Tuesday, April 26, 2011
In considering the subject of arguments, it occurs to me that there are two major ways in which one or another of the participants could approach a resolution. One would be to handle it in a diplomatic manner, where the two parties begin from points of agreement and work towards addressing the differences. The alternative would be to argue from diametrically opposed positions, make no effort to move to the middle, and try and shout each other down until one person gives up. It's this latter option which appears to be the dominant method of discussing Rob Bell's new book, Love Wins.
Over the past several days, as I've read numerous Tweets and blog posts attacking both the book and its author, I couldn't help but wonder how many of those throwing stones had actually taken the time to open the book and read it - even if it was just a few pages. One of my pet peeves is seeing someone arguing against a position without the slightest bit of knowledge or evidence to back up their points. It strikes me as being highly lazy - and exceedingly uninformed - to rely on what someone else has to say, rather than taking time to investigate and draw your own conclusions.
If I understand the main thrust of the opposition correctly, the contention is that Bell has tossed aside thousands of years of traditional thought on the subject of heaven and hell, and how many people go to one or the other. The author, many say, is casting a very wide net in his interpretation of what the New Testament says about hell, and in his attempt to get at possible answers to questions that many of us have (how does one get to heaven; what sort of life does one need to leave; is there a hell; how can I avoid going there) he is completely stripping away the significance of the crucifixion and resurrection of Jesus. And a large majority of opponents are tossing out the "u" word - universalist.
Is it just me, or are those who are least confident in their beliefs and position are the ones who argue the loudest? And aren't those Christians who are the most objectionable in terms of their approach to those with whom they disagree the exact opposite of the way Jesus would handle similar discussions?
I want to see for myself and form my own opinions, so I will be beginning the book tonight and blogging my thoughts. Admittedly, I am coming into this with a blank slate; until last week, when his book caused the collective heart to stop beating and he appeared in Time magazine on the list of 100 influential people, I had never heard of Rob Bell. I have no idea what his beliefs are, what he preaches, or just what goes on at Mars Hill Church in Grandville, Michigan. And to me, all of this is good - I have no preconceived notions and (aside from the rantings of an earnest few) no idea what to expect.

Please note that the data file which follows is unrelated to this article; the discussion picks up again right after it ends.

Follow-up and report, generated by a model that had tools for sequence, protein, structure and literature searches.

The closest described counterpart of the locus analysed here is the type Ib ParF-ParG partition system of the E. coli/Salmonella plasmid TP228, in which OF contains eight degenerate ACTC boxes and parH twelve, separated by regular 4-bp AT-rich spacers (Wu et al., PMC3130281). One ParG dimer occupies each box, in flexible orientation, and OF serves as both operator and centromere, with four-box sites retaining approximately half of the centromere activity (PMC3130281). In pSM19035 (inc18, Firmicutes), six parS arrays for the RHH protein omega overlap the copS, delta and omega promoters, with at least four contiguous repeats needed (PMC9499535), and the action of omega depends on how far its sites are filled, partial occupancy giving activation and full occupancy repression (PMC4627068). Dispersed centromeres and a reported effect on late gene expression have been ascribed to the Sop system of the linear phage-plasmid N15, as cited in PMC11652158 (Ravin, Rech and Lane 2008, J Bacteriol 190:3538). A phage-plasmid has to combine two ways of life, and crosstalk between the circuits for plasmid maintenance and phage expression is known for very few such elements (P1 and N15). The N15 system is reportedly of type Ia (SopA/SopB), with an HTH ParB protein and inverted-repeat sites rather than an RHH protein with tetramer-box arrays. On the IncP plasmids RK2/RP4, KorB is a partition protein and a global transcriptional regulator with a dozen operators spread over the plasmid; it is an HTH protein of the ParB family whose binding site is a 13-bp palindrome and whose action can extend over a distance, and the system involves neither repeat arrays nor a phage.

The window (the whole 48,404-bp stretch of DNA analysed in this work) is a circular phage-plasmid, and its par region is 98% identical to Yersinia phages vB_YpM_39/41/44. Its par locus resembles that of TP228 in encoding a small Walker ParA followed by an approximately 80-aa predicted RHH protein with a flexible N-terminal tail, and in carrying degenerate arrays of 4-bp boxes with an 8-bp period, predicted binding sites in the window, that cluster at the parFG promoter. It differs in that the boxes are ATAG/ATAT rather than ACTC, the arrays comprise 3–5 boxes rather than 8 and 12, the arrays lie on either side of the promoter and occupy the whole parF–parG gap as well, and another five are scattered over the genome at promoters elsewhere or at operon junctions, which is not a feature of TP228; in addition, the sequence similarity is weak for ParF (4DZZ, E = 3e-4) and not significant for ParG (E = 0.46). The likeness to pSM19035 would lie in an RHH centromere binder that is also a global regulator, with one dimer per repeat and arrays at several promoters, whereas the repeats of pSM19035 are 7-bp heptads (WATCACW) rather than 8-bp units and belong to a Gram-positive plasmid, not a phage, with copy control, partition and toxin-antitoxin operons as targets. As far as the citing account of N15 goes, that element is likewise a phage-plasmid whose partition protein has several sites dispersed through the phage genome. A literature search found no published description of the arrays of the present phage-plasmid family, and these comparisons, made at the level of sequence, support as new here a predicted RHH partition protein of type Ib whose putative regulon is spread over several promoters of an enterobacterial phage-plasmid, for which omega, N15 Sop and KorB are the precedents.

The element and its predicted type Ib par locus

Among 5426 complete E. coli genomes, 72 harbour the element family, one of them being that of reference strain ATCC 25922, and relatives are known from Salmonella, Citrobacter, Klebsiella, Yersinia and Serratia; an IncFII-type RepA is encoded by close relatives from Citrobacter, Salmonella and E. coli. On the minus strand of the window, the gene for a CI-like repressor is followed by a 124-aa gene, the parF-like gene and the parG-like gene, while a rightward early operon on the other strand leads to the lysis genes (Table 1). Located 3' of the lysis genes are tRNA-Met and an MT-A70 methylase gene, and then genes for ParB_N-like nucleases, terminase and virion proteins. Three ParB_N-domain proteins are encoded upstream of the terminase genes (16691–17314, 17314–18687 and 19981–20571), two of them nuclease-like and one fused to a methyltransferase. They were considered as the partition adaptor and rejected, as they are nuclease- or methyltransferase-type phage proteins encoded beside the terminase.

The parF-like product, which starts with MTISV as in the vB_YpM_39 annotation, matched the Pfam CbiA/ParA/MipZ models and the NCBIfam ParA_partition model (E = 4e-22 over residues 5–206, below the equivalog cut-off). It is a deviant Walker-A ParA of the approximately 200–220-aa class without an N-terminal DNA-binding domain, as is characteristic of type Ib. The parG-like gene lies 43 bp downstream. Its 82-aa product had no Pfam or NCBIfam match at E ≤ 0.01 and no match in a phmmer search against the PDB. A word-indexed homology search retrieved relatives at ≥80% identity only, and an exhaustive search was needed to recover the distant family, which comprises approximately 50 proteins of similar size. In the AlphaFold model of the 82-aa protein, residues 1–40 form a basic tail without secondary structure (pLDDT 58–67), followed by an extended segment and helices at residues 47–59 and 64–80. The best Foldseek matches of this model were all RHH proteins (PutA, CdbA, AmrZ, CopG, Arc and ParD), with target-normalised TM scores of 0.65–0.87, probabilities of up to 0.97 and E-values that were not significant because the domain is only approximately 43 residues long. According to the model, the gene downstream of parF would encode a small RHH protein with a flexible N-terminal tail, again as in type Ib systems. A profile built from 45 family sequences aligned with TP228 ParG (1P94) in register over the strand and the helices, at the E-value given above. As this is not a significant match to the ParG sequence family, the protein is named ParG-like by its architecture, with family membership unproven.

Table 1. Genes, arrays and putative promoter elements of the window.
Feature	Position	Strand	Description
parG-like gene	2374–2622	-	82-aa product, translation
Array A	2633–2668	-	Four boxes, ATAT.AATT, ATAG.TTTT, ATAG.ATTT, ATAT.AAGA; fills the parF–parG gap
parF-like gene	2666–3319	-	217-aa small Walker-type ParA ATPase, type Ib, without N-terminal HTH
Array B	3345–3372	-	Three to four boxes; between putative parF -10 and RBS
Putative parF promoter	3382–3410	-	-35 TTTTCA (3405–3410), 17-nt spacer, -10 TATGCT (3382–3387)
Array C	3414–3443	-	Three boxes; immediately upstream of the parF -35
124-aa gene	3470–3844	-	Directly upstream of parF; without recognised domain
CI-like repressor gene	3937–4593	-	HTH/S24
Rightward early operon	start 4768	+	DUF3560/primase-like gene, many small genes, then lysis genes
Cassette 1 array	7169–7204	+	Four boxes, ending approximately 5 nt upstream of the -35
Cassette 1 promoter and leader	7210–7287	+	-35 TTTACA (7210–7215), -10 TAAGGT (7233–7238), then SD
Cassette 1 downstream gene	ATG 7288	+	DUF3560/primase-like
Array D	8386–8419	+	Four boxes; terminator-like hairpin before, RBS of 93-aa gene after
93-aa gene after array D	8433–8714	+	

Might I end up throwing stones myself at Bell and his book? Certainly - but I should be careful that I'm not throwing them through the walls of my own glass church.
Monday, April 25, 2011
Every night for homework, my oldest daughter is required to read a short book - typically one from her class, but sometimes one she chooses from her shelf at home - and answer a series of questions about the story. Tonight, she selected a short volume from The Little Golden Book series, about Easter. For the most part, it deals with Easter as a time of rebirth, flowers blooming, sun shining, spring arriving, etc.
But there is one particular picture which shows family looking out the window of their house and gazing at a hill in the distance, upon which stand three empty crosses. When doing the question where she has to list three things that happened in the story, MB chose that scene as one of the three events - and then she paused and asked me how Jesus died.
It certainly wasn't a question I was prepared to receive when we first starting doing her homework, and on short notice it was difficult to come up with what I felt was an adequate - and simple - summary for her. I muddled my way through it - Jesus was hung on a cross and died, he was put in the tomb, and three days later he was once again alive. MB contemplated all of this for a moment, and then asked, "How did he come back to life?" I then went into a short description of how it was as a result of God's power; I thought that would be simple enough.
She again thoughtfully considered my (admittedly) short answer, and then asked, "Well, did Jesus have powers?" "Yes, he did!" I responded. "He made blind people see, he made people who couldn't walk walk, and he even brought dead people back to life." Immediately, MB cut in: "The little girl!" "Yes, the little girl, and a man named Lazarus, too."
MB then asked, "Who was Lazarus?" I went and got my Bible, flipped to the Gospel of John, and started to read. I then stopped and thought, why not give her a little extra reading homework? So I pointed to this passage, and she started to read to me:
When he had said this, he cried with a loud voice, "Lazarus, come out!" The dead man came out, his hands and feet bound with strips of cloth, and his face wrapped in a cloth. Jesus said to them, "Unbind him, and let him go." (Jn. 11:43-44)
This story had no grand conclusion; MB said, "Hmmm" and handed the Bible back to me. Then, it was off to draw in her notebook. She may not remember this particular moment beyond tonight, but it's a time with her that I'll remember for the rest of my life.